Thai authorities on Wednesday released the first footage of several boys from a football team recovering in the hospital after they were rescued from a flooded cave.
The boys are wearing face masks, but appear to be in good health, nodding to the camera and making positive hand gestures, according to the footage released by the Government Public Relations Department (PRD) on Wednesday.
Several boys can be seen in face masks and hospital gowns, giving a victory sign for the camera. (Photo: VCG)
After three days of intense rescue, the dangerous mission to rescue the 12 boys from the "Wild Boars" football team and their 25-year-old coach from flooded Tham Luang cave in northern Thailand safely ended on Tuesday night, evoking international relief and joy.
In the video released by the Thai government public relations department (PRD) and the government spokesman bureau, the boys appear to be in good condition. (Photo: VCG)
They have been trapped underground for over two weeks since June 23, when they went for an excursion to the cave to celebrate one of the members' birthday. A flood blocked their way back out.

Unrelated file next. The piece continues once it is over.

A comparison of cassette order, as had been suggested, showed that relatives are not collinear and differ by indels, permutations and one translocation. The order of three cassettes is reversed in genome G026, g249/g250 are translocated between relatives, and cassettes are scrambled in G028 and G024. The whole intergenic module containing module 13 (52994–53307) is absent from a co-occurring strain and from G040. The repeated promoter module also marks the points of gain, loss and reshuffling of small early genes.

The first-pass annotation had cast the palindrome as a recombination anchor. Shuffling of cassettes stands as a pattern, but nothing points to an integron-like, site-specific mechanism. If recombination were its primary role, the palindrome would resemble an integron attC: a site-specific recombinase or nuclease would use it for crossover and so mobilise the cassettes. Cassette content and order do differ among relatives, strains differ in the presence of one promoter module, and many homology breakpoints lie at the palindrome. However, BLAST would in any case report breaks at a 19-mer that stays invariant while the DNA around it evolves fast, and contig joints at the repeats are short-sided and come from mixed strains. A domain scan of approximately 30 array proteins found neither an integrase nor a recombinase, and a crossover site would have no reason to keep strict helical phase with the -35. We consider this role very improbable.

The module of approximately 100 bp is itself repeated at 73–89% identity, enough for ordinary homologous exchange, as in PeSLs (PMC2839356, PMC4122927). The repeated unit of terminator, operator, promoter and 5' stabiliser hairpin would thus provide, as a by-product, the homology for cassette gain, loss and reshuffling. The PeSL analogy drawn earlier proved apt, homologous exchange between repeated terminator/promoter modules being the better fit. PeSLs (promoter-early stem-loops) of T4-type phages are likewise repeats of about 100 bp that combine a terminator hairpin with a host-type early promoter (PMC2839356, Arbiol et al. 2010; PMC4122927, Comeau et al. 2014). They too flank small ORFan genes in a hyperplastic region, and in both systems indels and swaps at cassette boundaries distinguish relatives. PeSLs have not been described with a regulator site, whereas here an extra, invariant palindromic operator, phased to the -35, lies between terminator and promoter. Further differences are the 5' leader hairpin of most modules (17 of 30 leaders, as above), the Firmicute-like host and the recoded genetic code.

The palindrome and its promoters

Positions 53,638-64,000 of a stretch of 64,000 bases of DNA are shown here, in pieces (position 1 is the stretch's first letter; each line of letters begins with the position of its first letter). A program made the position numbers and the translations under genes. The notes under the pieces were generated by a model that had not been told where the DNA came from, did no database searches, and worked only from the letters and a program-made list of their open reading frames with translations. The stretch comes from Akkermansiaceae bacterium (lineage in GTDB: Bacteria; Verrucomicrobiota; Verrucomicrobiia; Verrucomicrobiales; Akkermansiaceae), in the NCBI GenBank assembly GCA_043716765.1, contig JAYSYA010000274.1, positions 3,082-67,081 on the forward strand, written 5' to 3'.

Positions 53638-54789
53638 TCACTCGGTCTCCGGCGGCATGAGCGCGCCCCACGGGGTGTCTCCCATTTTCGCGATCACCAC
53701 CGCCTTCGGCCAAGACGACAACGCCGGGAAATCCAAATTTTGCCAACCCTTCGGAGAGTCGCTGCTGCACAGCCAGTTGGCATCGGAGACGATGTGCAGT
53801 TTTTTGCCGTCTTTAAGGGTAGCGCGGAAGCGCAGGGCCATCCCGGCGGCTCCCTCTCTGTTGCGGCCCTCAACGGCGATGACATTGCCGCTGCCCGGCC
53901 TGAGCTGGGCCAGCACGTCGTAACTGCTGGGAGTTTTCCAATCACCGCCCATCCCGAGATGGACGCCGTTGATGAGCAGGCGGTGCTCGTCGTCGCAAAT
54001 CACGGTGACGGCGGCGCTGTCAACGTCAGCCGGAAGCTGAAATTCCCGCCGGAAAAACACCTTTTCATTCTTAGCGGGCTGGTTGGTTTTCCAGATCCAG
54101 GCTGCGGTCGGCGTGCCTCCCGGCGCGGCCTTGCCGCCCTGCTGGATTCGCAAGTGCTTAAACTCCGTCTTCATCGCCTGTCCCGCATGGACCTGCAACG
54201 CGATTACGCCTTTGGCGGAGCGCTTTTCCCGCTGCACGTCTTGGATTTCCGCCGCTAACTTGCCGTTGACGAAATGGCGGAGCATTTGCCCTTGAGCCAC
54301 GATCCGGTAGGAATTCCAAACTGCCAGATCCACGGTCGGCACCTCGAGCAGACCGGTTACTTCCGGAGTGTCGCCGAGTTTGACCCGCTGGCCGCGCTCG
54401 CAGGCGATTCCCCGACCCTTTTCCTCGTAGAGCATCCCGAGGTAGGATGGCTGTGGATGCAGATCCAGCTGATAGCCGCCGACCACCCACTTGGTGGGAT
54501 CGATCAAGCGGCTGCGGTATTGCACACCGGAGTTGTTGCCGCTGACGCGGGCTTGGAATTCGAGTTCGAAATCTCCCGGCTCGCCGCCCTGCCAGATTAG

Rescue mission chief Narongsak Osottanakorn told a news conference the boys were just being children when they got lost and no one was to blame.
"We don't see the children as at fault or as heroes. They are children being children. It was an accident," Narongsa said.
Twelve boys and the coach are now receiving medical and psychological assistance at a hospital in Chiang Rai city and would have to stay there for up to 10 days and then followed by 30 days of recuperation at home, according to hospital director Chaiwetch Thanapaisal.
The group, aged between about 11 and 17, survived in the cave nine days after being located by British divers.
A three-day rescue mission involving international efforts was officially launched on Sunday to bring them out in three batches, four boys each on day one and two, the last four boys and the coach were brought out on Tuesday.
According to the Thai navy, who released details of the mission on Wednesday, the 12 boys were sedated and passed on stretchers along the twisting, narrow passageways of the Tham Luang complex.
"Some of them were asleep, some of them were wiggling their fingers... (as if) groggy, but they were breathing," Commander Chaiyananta Peeranarong told AFP.
"My job was to transfer them along," he said, adding the "boys were wrapped up in stretchers already when they were being transferred" and were monitored at regular intervals by doctors posted along the kilometers-long escape route.